The really interesting thing about Justice Sotomayor’s comments is that after she said “too many” states disenfranchise prisoners, she continued, in the same sentence, to call the practice rational. As she notes, voting rights for most prisoners are, as a practical matter, complicated by the fact that they’re housed in jurisdictions other than the ones they call home. So it becomes rational for states to deny them voting rights not because they shouldn’t vote in principle, but because they’d be voting in the wrong elections. That says a lot about why a given state would want to count prisoners for apportionment without giving them voting rights — from the state’s perspective, prisoners amount to a large non-citizen population that is affected by the laws the state passes — but that says nothing about whether, as a legal or moral matter, prisoners should be denied the right to vote altogether.

While it likely won’t have an effect on the ruling in Evenwel, and voting rights for prisoners are unlikely to be argued before the Court in the near future, it’s something to keep in mind as the broader voting rights debate presses on.

Jon Green graduated from Kenyon College with a B.A. in Political Science and high honors in Political Cognition. He worked as a field organizer for Congressman Tom Perriello in 2010 and a Regional Field Director for President Obama's re-election campaign in 2012. Jon writes on a number of topics, but pays especially close attention to elections, religion and political cognition. Follow him on Twitter at @_Jon_Green, and on Google+. .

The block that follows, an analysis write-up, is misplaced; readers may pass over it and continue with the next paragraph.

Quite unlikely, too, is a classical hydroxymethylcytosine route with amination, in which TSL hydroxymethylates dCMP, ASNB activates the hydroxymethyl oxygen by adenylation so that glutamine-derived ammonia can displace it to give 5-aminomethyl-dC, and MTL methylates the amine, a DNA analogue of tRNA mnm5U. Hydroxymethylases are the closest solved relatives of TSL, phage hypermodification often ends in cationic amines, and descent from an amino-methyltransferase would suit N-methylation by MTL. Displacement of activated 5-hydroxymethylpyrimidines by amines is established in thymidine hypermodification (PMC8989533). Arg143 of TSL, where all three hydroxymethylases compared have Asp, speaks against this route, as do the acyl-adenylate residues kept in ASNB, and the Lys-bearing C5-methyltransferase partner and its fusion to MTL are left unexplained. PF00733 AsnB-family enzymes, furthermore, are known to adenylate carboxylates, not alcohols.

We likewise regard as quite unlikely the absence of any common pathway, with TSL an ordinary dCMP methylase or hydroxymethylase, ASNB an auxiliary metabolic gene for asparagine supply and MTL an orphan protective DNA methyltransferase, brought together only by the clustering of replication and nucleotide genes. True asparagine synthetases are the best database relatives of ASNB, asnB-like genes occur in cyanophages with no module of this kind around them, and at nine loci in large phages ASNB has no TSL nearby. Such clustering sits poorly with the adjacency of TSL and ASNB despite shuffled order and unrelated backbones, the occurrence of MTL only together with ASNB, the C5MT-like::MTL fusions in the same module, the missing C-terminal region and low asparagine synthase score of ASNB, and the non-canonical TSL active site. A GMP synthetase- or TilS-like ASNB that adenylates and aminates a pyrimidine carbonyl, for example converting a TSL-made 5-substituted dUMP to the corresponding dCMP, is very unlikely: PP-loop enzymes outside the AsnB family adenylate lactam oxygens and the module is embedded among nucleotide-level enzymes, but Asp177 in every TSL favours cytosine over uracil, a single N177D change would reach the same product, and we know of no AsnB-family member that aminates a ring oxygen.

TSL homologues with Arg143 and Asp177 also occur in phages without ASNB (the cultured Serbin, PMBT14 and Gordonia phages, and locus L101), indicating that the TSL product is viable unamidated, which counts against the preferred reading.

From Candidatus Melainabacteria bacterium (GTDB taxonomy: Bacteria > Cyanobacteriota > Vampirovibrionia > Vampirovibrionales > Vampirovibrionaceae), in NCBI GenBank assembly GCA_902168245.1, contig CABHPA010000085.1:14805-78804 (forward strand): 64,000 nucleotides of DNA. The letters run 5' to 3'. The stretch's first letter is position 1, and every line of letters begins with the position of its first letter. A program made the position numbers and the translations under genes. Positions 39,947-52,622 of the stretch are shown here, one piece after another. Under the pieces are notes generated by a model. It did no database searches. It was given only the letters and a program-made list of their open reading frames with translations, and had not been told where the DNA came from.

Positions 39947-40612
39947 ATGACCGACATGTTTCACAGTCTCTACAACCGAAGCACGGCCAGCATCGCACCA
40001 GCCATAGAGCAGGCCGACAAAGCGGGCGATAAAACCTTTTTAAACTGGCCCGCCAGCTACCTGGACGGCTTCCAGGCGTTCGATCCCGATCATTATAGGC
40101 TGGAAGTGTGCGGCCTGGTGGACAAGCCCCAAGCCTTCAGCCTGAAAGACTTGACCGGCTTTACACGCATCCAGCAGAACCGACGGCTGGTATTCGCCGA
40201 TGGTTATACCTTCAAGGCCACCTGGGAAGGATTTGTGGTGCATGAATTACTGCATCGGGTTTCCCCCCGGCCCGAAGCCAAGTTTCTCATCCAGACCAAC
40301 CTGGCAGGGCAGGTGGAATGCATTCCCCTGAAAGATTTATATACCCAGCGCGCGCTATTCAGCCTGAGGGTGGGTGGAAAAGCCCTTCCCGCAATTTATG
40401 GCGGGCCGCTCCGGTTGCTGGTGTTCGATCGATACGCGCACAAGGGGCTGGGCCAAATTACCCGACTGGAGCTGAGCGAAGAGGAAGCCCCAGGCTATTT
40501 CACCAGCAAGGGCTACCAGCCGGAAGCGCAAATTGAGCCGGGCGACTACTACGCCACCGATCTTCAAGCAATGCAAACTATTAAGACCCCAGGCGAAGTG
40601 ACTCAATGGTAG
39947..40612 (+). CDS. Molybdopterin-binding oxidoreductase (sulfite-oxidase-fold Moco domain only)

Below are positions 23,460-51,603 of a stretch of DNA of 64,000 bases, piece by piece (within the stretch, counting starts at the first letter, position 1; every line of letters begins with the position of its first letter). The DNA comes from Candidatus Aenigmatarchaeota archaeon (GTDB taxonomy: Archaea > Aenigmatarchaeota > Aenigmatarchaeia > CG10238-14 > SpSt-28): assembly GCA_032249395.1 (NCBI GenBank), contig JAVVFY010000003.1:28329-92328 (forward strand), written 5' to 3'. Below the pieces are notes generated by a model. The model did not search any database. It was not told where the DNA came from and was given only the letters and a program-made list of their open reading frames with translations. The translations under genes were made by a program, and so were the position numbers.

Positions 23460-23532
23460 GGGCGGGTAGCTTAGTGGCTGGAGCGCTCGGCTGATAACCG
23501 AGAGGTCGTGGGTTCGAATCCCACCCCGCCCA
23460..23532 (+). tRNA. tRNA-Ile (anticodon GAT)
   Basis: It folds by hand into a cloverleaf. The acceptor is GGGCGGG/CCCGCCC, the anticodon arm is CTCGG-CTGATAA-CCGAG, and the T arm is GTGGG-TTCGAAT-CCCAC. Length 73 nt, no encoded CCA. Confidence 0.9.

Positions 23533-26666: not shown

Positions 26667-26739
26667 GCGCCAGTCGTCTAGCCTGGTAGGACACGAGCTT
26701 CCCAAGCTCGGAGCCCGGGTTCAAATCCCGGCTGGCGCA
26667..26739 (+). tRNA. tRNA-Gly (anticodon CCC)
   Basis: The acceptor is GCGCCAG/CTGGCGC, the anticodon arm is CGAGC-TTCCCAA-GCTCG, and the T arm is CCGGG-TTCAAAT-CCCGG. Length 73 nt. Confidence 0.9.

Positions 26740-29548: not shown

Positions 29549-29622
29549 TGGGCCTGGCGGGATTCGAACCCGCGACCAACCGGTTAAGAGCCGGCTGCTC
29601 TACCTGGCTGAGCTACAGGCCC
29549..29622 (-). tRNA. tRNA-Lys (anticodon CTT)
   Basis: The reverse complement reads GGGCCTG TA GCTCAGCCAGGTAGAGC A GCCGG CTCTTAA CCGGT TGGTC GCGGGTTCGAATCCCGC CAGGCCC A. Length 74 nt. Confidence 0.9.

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  • Alek Kolchak

    The non-slaveholding states didn’t want them voting. The slaveholders would have been more than happy to count their slaves as 100 percent a citizen, and the slaveholders would have been pleased as punch to give their slaves the vote. Guess how the slaves would have voted?

  • Alek Kolchak

    I’m for not counting non-citizens (visa holders and alien residents–detected illegals, naturally, are deportation fodder) when considering a state’s cut of the 435 congressional representatives. I wonder what Sortamanure would think of that?

    But getting back to prisoners: what about prisoners in federal pens? Federal prisoners do not necessarily call home the state in which the federal pen is located.

  • nicho

    Pretty much the same problem the Founders had with slaves. They wanted them to count — but not too much — and they sure as hell didn’t want them voting.

  • Hue-Man

    Write the rules so they are voting in the correct election and the correct district/state!

    “Definition of Place of Ordinary Residence

    For electoral purposes, the incarcerated elector’s place of ordinary residence is not the institution in which he or she is serving a sentence. It is the first of the following places for which the elector
    knows the civic and mailing addresses:

    his or her residence before being incarcerated; or

    the residence of the spouse, the common-law partner, a relative or dependant of the elector, a relative of his or her spouse or common-law partner or a person with whom the elector would live if not incarcerated; or

    the place of his or her arrest; or

    the last court where the elector was convicted and sentenced.”


    I’m well aware of the complexity of having prisoners vote “correctly” but it is 2015 and even prisons occasionally have computers and printers. It’s also an incentive to reduce the vast number of Americans who are incarcerated.

    Finallly, you can’t proclaim how important voting is for democracy and then turn around and say “it’s just too hard.”